Locate the homeserver.yaml file within the data directory you've created and make the following adjustments:

Basic Server Information

  • server_name: This should be the domain name of your Matrix server. Replace "" with your actual domain name.
  • pid_file: Specifies the path to the PID file for the Synapse process. It's set to /data/ by default.


  • The listeners configuration allows your server to handle HTTP connections on port 8008 and properly manage X-Forwarded-For headers if you're running Synapse behind a reverse proxy.

Database Settings

  • Synapse uses SQLite by default for simplicity, indicated by the "sqlite3" name. The database argument points to the SQLite database file path.


  • log_config: Path to the Synapse logging configuration file. Replace "" with the appropriate path, ensuring it matches your domain.

Media Storage

  • media_store_path: Defines where media files uploaded to the server are stored on disk.

Registration and Authentication

  • enable_registration: Set to true to allow users to register on your server without an invitation.
  • enable_registration_captcha: Set to true and configure Google reCAPTCHA to prevent automated spam registrations.

reCAPTCHA Settings

  • recaptcha_public_key and recaptcha_private_key: Obtain these from Google's reCAPTCHA admin console by creating a new site with reCAPTCHA v2 ("I'm not a robot" Checkbox). Include your server's domain in the list of authorized domains.
  • recaptcha_siteverify_api: The API URL used to verify the reCAPTCHA response.

Configuring Google reCAPTCHA

  1. Go to Google reCAPTCHA admin console to create a new site.
  2. Set the label and choose reCAPTCHA v2 with the "I'm not a robot" Checkbox.
  3. Add your server's domain to the list of authorized domains.
  4. Copy the site key and secret key into homeserver.yaml under recaptcha_public_key and recaptcha_private_key, respectively.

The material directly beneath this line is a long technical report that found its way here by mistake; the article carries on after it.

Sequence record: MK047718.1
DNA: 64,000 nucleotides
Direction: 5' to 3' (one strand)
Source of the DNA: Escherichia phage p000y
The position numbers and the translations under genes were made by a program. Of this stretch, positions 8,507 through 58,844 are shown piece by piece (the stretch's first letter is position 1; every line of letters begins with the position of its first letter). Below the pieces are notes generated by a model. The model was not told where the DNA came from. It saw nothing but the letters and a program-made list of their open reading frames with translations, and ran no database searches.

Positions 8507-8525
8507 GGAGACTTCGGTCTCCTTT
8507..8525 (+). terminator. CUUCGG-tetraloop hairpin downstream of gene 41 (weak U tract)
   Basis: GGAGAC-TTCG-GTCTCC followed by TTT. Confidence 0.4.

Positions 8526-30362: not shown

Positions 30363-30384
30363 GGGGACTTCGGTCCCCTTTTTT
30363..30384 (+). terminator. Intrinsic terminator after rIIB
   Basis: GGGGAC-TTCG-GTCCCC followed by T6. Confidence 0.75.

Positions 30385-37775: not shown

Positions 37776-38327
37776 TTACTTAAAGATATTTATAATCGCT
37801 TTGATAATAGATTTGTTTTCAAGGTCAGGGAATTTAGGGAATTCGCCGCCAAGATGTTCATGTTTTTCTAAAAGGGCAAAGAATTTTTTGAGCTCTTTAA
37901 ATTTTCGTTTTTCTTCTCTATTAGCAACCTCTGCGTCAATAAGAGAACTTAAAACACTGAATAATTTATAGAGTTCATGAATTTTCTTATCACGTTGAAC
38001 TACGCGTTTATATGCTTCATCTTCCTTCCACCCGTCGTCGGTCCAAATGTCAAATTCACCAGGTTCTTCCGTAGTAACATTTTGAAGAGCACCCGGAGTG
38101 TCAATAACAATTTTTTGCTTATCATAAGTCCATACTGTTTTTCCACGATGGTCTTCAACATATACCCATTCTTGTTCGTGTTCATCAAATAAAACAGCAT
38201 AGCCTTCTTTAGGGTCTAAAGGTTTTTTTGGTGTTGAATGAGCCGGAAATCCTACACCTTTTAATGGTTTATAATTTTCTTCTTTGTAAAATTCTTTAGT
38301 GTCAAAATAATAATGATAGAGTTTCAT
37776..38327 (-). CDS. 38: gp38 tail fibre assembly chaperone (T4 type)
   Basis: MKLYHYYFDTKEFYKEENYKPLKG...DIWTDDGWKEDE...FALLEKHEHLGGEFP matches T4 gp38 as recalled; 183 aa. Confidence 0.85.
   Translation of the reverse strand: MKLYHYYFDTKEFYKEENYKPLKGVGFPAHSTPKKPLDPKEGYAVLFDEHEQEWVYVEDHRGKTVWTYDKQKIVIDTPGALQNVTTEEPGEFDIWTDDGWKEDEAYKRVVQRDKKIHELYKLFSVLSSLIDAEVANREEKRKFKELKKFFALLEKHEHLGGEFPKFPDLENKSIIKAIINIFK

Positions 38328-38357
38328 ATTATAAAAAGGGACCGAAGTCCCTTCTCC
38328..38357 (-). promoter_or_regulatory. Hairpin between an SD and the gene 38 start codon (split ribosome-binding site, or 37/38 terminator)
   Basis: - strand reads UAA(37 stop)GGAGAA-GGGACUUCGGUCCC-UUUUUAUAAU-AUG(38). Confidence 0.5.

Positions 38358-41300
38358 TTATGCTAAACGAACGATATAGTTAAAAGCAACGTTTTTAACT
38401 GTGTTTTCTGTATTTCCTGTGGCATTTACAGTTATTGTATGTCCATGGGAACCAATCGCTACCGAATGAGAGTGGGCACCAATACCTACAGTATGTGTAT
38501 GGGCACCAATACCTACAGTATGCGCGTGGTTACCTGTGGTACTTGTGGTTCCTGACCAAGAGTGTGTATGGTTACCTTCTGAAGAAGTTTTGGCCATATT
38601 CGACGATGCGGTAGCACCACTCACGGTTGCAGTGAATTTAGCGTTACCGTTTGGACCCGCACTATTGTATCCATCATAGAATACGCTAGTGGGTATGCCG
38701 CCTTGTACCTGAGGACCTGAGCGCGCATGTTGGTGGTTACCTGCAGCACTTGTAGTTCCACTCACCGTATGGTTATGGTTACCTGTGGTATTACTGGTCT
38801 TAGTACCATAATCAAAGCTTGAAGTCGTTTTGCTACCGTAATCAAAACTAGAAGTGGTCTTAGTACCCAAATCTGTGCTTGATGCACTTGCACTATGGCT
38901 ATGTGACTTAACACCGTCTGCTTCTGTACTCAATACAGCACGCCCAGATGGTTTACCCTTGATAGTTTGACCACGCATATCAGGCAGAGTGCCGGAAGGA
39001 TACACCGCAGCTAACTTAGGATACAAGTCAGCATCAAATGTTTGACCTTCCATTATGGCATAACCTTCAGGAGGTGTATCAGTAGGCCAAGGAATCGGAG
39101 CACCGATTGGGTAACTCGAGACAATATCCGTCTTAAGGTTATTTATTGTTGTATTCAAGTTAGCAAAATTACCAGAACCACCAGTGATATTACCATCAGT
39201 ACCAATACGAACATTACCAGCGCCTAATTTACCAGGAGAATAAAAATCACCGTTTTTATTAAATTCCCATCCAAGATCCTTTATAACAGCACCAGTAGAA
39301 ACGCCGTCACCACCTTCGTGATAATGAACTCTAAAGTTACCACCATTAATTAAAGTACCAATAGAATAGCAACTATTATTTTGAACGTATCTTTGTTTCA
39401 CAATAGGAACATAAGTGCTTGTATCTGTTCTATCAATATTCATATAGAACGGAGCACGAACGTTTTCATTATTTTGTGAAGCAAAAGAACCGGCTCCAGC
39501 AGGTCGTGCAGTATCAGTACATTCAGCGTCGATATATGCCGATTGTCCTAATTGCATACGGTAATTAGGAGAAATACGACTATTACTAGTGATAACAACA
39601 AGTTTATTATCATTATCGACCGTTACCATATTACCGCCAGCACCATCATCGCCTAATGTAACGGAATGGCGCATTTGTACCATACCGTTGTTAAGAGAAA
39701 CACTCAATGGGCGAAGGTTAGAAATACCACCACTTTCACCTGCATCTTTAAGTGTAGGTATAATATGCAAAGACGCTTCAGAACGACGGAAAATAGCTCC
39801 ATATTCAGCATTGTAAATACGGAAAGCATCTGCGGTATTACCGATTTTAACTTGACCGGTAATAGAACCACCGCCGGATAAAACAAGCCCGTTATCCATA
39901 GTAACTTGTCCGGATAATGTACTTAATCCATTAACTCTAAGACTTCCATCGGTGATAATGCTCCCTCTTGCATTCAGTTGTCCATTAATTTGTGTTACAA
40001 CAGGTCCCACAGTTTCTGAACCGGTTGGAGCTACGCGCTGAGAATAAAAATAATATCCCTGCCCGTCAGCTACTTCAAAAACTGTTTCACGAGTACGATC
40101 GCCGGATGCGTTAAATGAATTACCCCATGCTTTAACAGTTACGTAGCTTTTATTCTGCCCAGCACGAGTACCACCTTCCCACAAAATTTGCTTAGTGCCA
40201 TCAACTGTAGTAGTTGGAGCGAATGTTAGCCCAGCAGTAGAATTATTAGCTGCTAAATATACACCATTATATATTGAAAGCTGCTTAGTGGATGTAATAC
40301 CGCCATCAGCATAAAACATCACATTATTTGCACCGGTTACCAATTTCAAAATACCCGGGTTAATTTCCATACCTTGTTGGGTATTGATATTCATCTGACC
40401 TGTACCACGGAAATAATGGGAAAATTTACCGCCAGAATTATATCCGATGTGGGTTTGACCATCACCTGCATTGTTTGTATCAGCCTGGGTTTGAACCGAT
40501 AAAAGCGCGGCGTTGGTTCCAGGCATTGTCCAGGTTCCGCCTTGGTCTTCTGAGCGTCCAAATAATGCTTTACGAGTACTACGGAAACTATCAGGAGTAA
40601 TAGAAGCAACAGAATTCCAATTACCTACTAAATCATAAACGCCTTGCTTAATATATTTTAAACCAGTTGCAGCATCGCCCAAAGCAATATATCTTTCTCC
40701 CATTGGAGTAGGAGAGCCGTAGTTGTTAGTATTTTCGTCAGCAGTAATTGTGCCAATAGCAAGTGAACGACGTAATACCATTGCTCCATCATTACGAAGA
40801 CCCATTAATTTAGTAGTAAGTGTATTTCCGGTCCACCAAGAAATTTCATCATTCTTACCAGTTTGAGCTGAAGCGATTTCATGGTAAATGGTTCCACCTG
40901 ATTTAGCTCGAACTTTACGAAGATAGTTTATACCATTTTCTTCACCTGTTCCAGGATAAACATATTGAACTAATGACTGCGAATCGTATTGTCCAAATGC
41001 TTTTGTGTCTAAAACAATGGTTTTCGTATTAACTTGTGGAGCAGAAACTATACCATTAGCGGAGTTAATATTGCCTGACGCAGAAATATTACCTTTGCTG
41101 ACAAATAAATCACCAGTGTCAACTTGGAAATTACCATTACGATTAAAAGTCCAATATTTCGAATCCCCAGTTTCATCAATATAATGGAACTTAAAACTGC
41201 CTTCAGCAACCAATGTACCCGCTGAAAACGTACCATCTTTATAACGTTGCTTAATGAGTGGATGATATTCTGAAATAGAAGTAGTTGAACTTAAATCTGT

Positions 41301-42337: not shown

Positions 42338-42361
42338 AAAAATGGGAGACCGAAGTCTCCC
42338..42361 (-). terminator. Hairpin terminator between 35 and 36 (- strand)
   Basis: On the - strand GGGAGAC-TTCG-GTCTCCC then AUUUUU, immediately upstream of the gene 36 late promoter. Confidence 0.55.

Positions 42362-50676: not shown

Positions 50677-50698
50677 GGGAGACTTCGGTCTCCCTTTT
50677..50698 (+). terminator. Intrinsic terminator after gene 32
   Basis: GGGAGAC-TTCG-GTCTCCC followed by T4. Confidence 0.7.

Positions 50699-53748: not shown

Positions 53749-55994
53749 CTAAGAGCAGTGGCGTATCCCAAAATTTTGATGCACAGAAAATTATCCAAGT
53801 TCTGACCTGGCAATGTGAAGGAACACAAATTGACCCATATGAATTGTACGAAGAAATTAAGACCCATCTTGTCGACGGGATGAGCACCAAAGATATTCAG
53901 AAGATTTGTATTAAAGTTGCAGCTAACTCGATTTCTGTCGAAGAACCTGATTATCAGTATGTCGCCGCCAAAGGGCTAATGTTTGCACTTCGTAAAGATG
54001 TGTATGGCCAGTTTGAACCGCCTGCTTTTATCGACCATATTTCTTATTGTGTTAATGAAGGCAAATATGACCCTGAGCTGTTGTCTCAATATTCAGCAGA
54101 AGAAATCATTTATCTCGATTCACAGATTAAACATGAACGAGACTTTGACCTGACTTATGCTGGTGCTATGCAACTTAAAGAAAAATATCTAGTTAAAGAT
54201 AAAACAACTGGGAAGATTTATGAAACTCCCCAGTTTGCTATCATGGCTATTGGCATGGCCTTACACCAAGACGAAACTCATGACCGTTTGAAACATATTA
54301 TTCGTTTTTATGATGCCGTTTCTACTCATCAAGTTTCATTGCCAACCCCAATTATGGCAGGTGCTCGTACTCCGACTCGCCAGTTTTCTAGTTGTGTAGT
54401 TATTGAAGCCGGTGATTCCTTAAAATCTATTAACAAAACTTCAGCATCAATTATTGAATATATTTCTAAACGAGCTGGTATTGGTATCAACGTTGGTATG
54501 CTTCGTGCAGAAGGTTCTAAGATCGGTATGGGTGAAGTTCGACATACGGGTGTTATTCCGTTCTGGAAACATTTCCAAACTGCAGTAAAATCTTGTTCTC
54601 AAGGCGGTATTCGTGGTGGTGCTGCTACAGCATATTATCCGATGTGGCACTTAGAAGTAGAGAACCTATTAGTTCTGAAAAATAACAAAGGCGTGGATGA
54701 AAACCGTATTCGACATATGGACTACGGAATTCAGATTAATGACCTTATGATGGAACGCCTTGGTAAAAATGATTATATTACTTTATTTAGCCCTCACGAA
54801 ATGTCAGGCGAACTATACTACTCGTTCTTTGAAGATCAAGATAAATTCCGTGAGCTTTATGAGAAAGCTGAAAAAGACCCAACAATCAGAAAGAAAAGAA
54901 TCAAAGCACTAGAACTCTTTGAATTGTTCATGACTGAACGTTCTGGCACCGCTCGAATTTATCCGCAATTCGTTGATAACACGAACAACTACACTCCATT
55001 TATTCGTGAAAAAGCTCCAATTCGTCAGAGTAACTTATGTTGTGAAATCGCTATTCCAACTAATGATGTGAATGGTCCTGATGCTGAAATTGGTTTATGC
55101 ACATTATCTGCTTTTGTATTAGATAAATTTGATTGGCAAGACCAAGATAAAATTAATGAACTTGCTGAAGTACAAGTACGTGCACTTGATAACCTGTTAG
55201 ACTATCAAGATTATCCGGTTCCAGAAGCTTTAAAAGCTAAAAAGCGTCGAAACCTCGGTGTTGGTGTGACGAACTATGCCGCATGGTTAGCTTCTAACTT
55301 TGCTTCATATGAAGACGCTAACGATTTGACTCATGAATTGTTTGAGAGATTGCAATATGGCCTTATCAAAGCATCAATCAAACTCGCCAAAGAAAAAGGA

5. Ensure enable_registration_captcha: true is set in your homeserver.yaml.

By following these steps, you've configured your Synapse server to allow user registrations while protecting against spam with Google reCAPTCHA. Continue with the deployment by running docker-compose up -d, and proceed to create a local admin account to start managing your Matrix server.

  1. Creating a Local Admin Account:
  2. Use the following command to create an admin account. Replace admin and testing123@! with your desired username and password:

    docker exec -it synapse register_new_matrix_user -u admin -p testing123@! -a -c /data/homeserver.yaml http://localhost:8008

  3. Start Synapse Matrix Server:

  4. With the configuration complete, start your server:
    docker-compose up -d
  5. Ensure everything is running smoothly by accessing the server locally.

Making Your Server Public

For those looking to make their Synapse Matrix Server accessible publicly, setting up a Cloudflare Tunnel is a secure and effective method. Refer to this video tutorial for a step-by-step guide on deploying Cloudflare Tunnel.

Connecting with a Matrix Client

Once your server is up and running, you can connect using any Matrix-compatible client, such as Element, by pointing it to your server's URL.

By following these detailed steps, you'll have a fully functional Synapse Matrix Server ready for secure communication across your devices and with others on the Matrix network.